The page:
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Quality and Efficiency of Staging Tests in Breast Cancer Patients

Key findings

Overall, the number of early stage breast cancer patients who receive imaging for staging to detect metastases is declining. This pattern follows the desired direction for quality and efficiency of staging tests in breast cancer, but there is still work to be done to reduce this testing.

Why is this important to Ontarians?

  • Most women with a new diagnosis of breast cancer present with early stage disease (stages 1 and 2).[1] In early stage breast cancer, the disease is limited to the breast tissue. This is in contrast to late stage breast cancer, where the disease has spread to other organs and tissues. These tumour deposits are known as metastases.
  • Baseline imaging tests to detect metastases include bone scans, liver ultrasonography and computed tomography (CT).[2] [3]
  • Most practice guidelines do not recommend imaging for early stage (stages 1 and 2) breast cancer patients who have no symptoms of metastatic disease.[4] [5] Reasons include extremely low detection rates,[6] and likelihood of incidental findings that have no clinical significance but that may lead to unnecessary further testing and needless anxiety for patients. In general, this extra imaging does not improve patient care and may be detrimental, delaying treatment while the patient undergoes testing and contributing to healthcare costs without clinical benefits.

See Quality & Efficiency of Staging Tests in Breast Cancer Patients Methodology for technical information.

Report date: January 2019

Data sources: Ontario Cancer Registry (OCR), Ontario Registered Persons Database (RPDB), Canadian Institute for Health Information’s Discharge Abstract Database (CIHI-DAD), Canadian Institute for Health Information’s National Ambulatory Care Reporting System (CIHI-NACRS), Ontario Health Insurance Plan (OHIP)

Prepared by: Analytics and Informatics, Cancer Care Ontario

Data Table 1. Percentage of breast cancer patients receiving at least 1 imaging test for distant metastasis, 2013 to 2017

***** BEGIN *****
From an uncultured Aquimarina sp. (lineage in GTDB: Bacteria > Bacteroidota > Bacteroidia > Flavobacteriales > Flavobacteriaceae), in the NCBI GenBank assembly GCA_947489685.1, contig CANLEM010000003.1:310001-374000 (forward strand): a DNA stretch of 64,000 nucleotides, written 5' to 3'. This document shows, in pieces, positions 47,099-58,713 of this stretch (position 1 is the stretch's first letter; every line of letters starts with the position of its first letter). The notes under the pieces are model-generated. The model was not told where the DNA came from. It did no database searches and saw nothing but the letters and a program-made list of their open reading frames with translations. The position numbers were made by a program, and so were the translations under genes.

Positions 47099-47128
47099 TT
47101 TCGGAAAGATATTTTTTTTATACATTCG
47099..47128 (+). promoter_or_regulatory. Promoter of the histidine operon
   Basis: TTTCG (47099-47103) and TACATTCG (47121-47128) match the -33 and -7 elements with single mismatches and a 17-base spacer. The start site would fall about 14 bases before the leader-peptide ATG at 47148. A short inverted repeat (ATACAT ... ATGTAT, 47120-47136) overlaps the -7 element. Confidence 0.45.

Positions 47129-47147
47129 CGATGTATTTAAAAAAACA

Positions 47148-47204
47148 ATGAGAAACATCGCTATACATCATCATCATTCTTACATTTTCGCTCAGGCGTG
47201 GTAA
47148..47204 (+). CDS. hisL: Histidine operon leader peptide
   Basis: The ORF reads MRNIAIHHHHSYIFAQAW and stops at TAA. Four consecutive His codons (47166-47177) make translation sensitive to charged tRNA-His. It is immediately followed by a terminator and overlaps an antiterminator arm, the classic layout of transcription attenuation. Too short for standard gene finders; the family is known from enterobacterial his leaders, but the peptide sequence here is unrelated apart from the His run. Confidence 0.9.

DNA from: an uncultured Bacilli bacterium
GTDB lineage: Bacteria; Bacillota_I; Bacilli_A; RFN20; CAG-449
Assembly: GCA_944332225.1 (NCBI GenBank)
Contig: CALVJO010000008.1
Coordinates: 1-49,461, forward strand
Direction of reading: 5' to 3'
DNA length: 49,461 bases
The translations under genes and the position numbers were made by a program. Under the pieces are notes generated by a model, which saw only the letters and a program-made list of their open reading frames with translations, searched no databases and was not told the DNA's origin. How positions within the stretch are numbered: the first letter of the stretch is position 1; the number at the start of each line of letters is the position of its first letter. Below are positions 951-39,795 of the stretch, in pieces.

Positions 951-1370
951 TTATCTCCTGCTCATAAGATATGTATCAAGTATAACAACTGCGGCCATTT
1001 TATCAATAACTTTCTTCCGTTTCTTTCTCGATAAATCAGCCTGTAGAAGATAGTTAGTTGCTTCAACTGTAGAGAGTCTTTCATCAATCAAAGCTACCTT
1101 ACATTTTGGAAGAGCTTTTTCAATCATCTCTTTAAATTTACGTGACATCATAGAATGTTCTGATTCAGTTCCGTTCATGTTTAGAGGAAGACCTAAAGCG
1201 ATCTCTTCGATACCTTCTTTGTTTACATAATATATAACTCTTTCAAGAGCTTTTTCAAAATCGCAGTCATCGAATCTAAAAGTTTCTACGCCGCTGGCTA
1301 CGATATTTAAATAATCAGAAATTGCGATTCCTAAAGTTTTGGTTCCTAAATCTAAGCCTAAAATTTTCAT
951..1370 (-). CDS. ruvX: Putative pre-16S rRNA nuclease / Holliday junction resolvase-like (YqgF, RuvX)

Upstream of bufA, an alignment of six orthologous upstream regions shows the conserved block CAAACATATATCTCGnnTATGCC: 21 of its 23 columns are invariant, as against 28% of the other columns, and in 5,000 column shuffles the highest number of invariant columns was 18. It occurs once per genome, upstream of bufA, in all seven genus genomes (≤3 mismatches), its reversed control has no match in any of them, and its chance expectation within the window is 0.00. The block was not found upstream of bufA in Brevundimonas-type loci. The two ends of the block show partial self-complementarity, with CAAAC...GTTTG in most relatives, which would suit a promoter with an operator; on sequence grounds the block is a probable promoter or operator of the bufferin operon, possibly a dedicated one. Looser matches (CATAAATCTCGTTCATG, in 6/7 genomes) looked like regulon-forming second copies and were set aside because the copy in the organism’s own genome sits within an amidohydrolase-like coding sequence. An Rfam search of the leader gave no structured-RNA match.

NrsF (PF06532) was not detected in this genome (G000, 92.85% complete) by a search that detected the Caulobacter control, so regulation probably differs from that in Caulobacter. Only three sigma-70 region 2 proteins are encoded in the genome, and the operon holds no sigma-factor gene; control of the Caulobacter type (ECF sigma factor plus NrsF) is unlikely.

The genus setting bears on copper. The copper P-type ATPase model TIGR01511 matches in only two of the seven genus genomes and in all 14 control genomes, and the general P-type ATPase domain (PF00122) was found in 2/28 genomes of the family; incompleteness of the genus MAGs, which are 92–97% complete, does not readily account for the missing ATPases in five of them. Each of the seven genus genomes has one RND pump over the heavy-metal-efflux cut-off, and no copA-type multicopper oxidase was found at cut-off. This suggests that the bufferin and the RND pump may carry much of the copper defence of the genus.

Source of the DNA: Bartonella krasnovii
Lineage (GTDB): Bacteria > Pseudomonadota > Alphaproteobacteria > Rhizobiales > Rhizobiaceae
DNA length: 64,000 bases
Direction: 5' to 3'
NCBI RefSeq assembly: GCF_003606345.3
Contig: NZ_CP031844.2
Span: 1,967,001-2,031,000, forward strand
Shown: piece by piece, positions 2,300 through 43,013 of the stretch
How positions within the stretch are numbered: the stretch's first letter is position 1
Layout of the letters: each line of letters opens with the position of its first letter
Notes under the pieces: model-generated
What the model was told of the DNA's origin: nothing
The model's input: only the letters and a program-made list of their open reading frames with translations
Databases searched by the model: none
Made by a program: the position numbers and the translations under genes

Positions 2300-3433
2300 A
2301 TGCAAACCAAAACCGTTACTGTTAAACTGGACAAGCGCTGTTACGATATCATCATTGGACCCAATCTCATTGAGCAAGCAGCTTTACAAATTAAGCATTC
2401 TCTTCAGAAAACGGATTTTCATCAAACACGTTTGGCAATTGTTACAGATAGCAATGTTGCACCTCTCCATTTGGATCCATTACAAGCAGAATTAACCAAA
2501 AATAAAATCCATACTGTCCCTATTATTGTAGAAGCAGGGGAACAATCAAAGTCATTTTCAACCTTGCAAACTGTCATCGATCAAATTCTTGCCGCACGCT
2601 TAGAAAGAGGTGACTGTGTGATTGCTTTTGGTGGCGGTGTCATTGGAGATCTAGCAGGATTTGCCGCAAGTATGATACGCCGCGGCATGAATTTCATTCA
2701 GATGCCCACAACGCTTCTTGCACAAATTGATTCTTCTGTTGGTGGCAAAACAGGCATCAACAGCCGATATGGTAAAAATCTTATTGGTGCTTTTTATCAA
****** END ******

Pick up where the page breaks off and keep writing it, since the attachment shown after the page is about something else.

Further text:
2013 2014 2015 2016 2017
Stage I 58.8 56.7 50.8 46.8 46.7
Stage II 86.4 86 83.1 80.2 80
Stage I + II 71.7 70.3 65.7 61.6 61.8

Report date: January 2019

Data sources: Ontario Cancer Registry (OCR), Ontario Registered Persons Database (RPDB), Canadian Institute for Health Information’s Discharge Abstract Database (CIHI-DAD), Canadian Institute for Health Information’s National Ambulatory Care Reporting System (CIHI-NACRS), Ontario Health Insurance Plan (OHIP)

Prepared by: Analytics and Informatics, Cancer Care Ontario

Results

  • In 2017, we continued to see steady declines in the percentages of stage 1 and stage 2 breast cancer patients receiving at least 1 imaging test for distant metastases (47% and 80%, respectively).
  • As in previous years, more stage 2 breast cancer patients received an imaging test than stage 1 patients. This may be due, in part, to variations in guideline recommendations. Current Cancer Care Ontario guidance indicates bone scanning for stage 2 patients,[3] but Choosing Wisely® does not recommend this test.[2]
  • The overall pattern of staging tests in breast cancer patients for both stage 1 and 2 are also on the decline, although there was a slight increase (0.2%) from 2016 to 2017.

For more information

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References

1. Cancer Care Ontario. Ontario breast screening program: 2011 report [Internet]. Toronto: Cancer Care Ontario: 2011 [cited 2018 Feb 14]. Available from: https://www.cancercareontario.ca/sites/ccocancercare/files/assets/OBSPAnnualReport2011.pdf.

2. Schnipper LE, et al. American Society of Clinical Oncology identifies five key opportunities to improve care and reduce costs: the top five list for oncology. J Clin Oncol. 2012; 14(30):1715–1724.

3. Cancer Care Ontario. Baseline staging tests in primary breast cancer [Internet]. Toronto: Cancer Care Ontario; 2011 [cited 2018 Feb 14]. Available from: https://www.cancercareontario.ca/en/guidelines-advice/types-of-cancer/1096.

4. Houssami N, Miglioretti DL. Breast cancer screening: an examination of scientific evidence. Elsevier Inc.; 2016.

5. Breast Screening Guidelines Summary [Internet]. Toronto: Cancer Care Ontario [cited 2017 Jan 26]. Available from: https://www.cancercareontario.ca/en/guidelines-advice/cancer-continuum/screening/breast-screening-guidelines-summary

6. Canadian Partnership Against Cancer. Report from the evaluation indicators working group: guidelines for monitoring breast cancer screening program performance. 3rd Ed. Toronto: Canadian Partnership Against Cancer; 2013.